Xbox 360Alt20G
Treasure HunterAcquire a map from a cartographer villager, then enter the revealed structureVisit the structure indicated while the purchased map is in your main hand (hotbar).NoNoYesNo40G

Advancements[edit]

Icon Advancement In-game description Parent Actual requirements (if different) Internal ID
Advancement-plain-raw.png What a Deal!Successfully trade with a VillagerAdventureTake an item from a villager's trading output slot, and put it in your inventory.minecraft:adventure/trade
Advancement-plain-raw.png A Throwaway JokeThrow a trident at something.
Note: Throwing away your only weapon is not a good idea.
Monster HunterHit something with a tridentminecraft:adventure/throw_trident
Advancement-plain-raw.png Take AimShoot something with a bow and arrowMonster Hunterminecraft:adventure/shoot_arrow
Advancement-plain-raw.png Very Very FrighteningStrike a Villager with lightningA Throwaway JokeHit a villager with lightning created by a trident with the Channeling enchantment.minecraft:adventure/very_very_frightening

Trivia[edit]

  • The villagers were inspired by the shop keepers in Dungeon Master 2.[3]
  • Originally, the mobs populating villages were to be pigmen.[4]
  • Villagers tend to often cram into houses that are in the southern-eastern area of their village.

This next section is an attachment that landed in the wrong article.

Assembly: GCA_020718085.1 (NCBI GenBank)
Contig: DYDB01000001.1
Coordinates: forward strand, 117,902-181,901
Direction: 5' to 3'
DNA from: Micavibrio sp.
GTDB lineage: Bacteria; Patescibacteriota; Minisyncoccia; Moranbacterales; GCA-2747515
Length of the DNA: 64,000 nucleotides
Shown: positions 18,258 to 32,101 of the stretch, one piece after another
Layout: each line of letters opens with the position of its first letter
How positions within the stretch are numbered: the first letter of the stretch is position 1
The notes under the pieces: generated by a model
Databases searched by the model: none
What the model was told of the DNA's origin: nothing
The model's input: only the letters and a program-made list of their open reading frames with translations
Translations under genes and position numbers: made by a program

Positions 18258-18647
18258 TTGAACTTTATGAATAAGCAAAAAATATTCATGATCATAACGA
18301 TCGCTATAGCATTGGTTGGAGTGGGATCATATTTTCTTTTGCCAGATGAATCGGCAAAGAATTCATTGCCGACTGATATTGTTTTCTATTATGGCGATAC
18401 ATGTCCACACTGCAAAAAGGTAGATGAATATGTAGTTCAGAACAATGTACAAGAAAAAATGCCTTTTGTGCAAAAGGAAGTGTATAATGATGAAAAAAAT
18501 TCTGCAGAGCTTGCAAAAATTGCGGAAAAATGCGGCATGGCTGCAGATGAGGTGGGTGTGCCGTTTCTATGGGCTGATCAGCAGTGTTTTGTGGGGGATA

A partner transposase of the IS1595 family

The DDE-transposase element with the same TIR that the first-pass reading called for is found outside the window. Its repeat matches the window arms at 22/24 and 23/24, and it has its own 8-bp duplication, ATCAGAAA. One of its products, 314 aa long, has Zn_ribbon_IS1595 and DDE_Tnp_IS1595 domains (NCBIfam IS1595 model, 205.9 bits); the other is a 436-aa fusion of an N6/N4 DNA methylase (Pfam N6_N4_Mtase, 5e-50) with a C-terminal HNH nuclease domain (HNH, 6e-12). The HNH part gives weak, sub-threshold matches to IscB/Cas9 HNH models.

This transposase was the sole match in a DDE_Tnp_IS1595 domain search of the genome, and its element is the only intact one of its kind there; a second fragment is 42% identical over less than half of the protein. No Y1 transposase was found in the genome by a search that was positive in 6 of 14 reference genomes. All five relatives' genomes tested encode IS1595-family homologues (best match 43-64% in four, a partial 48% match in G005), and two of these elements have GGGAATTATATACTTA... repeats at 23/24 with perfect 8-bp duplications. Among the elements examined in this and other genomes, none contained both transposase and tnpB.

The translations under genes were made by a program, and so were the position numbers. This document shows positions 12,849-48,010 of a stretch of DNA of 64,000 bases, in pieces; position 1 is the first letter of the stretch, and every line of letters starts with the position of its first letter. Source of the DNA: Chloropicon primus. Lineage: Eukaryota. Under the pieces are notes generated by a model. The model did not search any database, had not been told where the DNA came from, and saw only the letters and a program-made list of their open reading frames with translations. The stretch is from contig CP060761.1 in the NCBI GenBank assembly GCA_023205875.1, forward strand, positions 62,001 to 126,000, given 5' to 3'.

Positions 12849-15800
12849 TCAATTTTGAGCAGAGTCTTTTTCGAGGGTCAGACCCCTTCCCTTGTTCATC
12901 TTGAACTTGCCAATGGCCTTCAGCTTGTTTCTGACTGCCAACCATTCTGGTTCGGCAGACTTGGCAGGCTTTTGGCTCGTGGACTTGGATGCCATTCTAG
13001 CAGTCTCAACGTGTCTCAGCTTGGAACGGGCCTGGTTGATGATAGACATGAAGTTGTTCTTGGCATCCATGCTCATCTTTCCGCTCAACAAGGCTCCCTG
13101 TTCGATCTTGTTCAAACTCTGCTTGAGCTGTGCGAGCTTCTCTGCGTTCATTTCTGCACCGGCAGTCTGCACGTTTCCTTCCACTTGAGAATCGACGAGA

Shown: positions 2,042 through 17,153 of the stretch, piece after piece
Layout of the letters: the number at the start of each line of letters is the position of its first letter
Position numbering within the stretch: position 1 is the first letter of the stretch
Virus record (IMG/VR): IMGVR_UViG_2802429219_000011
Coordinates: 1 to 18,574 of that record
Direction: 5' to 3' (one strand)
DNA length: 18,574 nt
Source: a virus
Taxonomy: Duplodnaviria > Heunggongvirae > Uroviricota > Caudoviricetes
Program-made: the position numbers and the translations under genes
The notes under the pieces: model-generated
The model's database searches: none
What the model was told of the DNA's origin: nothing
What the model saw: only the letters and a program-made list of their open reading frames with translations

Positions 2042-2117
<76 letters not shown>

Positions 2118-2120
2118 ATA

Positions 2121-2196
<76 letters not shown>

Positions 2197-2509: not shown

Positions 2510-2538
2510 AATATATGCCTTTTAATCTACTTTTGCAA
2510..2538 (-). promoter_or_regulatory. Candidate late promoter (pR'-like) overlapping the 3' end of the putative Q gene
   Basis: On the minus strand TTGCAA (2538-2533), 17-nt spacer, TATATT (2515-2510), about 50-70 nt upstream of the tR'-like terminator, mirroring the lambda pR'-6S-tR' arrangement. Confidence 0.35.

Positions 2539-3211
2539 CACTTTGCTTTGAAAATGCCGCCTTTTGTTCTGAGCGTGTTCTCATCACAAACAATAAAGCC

• Name tags used on villagers will always name the villager instead of opening the trading interface.
  • Villagers can see invisible players.
  • After a zombie villager is cured, the villager gets Nausea for 10 seconds (indicated by the purple status effect particles).
  • When a villager is in love mode, it walks very slowly. However, when a villager runs indoors as the night falls, it runs extremely fast, even faster than the player's sprinting speed.
  • The 1.6 release poster showed a blue-robed villager in the background. Such a villager has never been seen in-game.
  • The Priest, Librarian and Nitwit villagers have an unused hood in their textures.
  • In the Bedrock Edition, an emerald will appear above a villager while opening the trading GUI.
  • The Nitwit has not appeared in the Bedrock Version of Minecraft.

April fools[edit]

On April 1, 2014, Mojang announced that villagers have taken over the skin servers and content delivery networks (CDN) as an April Fools joke. This caused players' current skin to turn into villager skins. This also caused users to be unable to change their skins. Different career villager skins were used, including the then-unused nitwit villager (green robe).

Many of the sounds were also changed, supposedly by the villagers. They seem to be similar to a villager talking (with words, rather than their normal sounds). The in-game music has also been altered to include villager like noises, and also features a villager version of the "Game of Thrones" theme on the title screen. The sounds originate from the sound resource pack created by Element Animation, titled The Element Animation Villager Sound Resource Pack (T.E.A.V.S.R.P), which is based on the villagers appearing in their fan videos. The villagers were voiced by Dan Lloyd, Director of Element Animation.

Gallery[edit]

References[edit]